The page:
SMoore SMoore - 5 months ago 18
Swift Question

Custom operator to simplify If-Let

I would like to simplify the constant need to do

if let firstName = firstName {
self.name = firstName
}


A possible custom, generic operator to do this would be

infix operator ?= {}
func ?= <T>(inout left: T, right: T?) {
if let right = right {
left = right
}
}


to simplify the previous example to

self.name ?= firstName


This creates an issue where if firstName's value is nil, then Swift will wrap the value in an optional.

var name: String? = "Bob"
var firstName: String? = nil

self.name ?= firstName

print(self.name)
/*
prints "nil" since it is wrapping firstName in an optional when
passed in.

E.g. Optional<nil> gets unwrapped to nil in function and assigned
*/


Any possible fix to the custom operator? I attempted to limit the left-hand parameter to not be an optional but that is not possible with generic's type constraints.

Answer

The problem (as you've correctly identified) is that because the left hand side argument is of type T, when you pass an optional into it T will be inferred to be Optional<Whatever>. Because the right hand side argument is T? (and because types can be freely promoted to optionals), it will infer the type to be Optional<Optional<Whatever>>, leading to the confusing double wrapping you're observing.

The solution is to add an overload to deal with the situation when the left hand side argument is also an optional.

infix operator ?= {}
func ?= <T>(inout left: T, right: T?) {
    if let right = right {
        left = right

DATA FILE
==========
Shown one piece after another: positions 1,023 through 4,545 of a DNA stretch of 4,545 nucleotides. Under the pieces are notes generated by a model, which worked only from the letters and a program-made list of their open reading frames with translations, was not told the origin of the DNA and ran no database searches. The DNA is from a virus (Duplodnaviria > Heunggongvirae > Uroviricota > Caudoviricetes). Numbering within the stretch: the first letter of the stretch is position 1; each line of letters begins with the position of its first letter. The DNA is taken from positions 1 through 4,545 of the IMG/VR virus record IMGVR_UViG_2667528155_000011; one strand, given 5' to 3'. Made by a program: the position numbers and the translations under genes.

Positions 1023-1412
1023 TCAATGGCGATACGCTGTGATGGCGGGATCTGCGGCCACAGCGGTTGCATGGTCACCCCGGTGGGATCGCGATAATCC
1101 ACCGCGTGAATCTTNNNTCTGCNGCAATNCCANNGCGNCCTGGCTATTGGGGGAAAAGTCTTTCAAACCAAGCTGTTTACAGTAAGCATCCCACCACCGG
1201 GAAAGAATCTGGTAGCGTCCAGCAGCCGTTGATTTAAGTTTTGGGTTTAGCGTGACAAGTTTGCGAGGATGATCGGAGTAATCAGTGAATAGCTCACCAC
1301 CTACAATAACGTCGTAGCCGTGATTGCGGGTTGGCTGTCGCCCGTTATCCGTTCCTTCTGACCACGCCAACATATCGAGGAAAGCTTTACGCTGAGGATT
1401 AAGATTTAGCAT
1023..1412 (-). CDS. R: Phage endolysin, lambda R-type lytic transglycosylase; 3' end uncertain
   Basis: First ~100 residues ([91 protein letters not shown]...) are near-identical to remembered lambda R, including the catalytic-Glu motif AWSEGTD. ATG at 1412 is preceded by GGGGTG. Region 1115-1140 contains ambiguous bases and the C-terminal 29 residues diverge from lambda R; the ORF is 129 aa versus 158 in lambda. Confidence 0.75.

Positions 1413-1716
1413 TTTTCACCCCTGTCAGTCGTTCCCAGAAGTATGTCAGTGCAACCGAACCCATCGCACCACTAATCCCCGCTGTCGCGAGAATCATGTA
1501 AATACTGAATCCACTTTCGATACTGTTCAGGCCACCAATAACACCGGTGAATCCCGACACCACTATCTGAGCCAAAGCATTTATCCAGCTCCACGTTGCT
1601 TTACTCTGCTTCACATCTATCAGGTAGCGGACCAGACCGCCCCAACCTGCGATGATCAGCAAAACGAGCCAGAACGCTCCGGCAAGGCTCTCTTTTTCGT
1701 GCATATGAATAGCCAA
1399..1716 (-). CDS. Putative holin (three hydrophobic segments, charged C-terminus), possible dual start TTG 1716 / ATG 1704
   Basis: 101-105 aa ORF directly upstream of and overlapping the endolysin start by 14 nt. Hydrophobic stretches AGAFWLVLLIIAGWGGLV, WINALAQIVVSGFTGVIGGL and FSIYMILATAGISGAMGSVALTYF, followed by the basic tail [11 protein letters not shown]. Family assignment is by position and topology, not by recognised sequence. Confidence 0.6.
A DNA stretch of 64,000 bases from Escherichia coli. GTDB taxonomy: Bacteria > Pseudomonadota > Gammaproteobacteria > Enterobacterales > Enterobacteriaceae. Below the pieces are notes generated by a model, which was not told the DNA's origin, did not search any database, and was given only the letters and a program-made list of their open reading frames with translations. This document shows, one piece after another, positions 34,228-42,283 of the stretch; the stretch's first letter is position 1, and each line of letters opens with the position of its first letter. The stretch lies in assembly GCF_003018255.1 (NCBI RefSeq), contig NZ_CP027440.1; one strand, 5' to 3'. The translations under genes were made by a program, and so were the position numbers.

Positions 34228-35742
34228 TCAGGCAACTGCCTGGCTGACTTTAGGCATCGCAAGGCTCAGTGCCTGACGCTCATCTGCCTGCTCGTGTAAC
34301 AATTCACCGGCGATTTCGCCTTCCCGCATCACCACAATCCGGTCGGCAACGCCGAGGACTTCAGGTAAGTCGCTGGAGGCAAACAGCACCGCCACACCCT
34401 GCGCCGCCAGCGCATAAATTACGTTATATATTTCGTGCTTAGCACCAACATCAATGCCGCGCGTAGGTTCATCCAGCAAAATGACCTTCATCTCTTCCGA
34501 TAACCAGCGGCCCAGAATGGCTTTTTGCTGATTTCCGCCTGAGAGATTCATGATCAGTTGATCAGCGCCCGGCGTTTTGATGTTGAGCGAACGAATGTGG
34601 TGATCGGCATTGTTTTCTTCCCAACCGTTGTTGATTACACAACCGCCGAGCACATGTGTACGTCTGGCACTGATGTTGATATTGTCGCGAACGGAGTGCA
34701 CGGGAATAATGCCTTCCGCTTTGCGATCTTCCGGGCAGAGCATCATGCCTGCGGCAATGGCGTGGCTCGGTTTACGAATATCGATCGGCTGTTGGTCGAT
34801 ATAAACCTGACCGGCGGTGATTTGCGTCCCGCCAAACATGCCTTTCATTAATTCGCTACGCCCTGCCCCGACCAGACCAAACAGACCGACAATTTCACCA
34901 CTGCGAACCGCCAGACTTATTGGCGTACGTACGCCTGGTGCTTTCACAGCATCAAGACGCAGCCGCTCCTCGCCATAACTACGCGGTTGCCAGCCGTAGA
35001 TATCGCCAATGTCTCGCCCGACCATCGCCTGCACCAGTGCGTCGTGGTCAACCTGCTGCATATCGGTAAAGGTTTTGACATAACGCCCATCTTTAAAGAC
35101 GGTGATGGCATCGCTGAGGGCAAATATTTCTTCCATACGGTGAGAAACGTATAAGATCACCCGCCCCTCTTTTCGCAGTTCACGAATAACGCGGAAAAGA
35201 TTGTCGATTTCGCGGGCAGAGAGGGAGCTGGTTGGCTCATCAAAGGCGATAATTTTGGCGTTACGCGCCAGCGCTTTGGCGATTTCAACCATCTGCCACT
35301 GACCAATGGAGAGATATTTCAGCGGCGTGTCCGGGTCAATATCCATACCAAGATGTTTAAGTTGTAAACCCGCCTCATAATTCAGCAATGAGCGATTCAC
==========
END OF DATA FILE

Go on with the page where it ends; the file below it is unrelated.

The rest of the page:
}
}

// overload to deal with an optional left handed side
func ?= <T>(inout left: T?, right: T?) {
    if let right = right {
        left = right
    }
}

(Note that in Swift 3, inout should appear before the parameter type)

Now if you use this operator with an optional as the left handed argument, Swift will use the overloaded version instead of the original version, as it'll always favour the more type-specific signature. This means that the right hand side won't get wrapped in a double optional, as it's now of the exact same type as the left hand side argument.

var name: String? = "Bob"
var firstName: String? = nil

name ?= firstName

print(name) // prints: Optional("Bob")

Note that this is similar to what the ?? does, it has two definitions to deal with one side being optional, one side being non-optional & both sides being optional in order to avoid the generation of double wrapped optionals:

@warn_unused_result
public func ??<T>(optional: T?, @autoclosure defaultValue: () throws -> T) rethrows -> T

@warn_unused_result
public func ??<T>(optional: T?, @autoclosure defaultValue: () throws -> T?) rethrows -> T?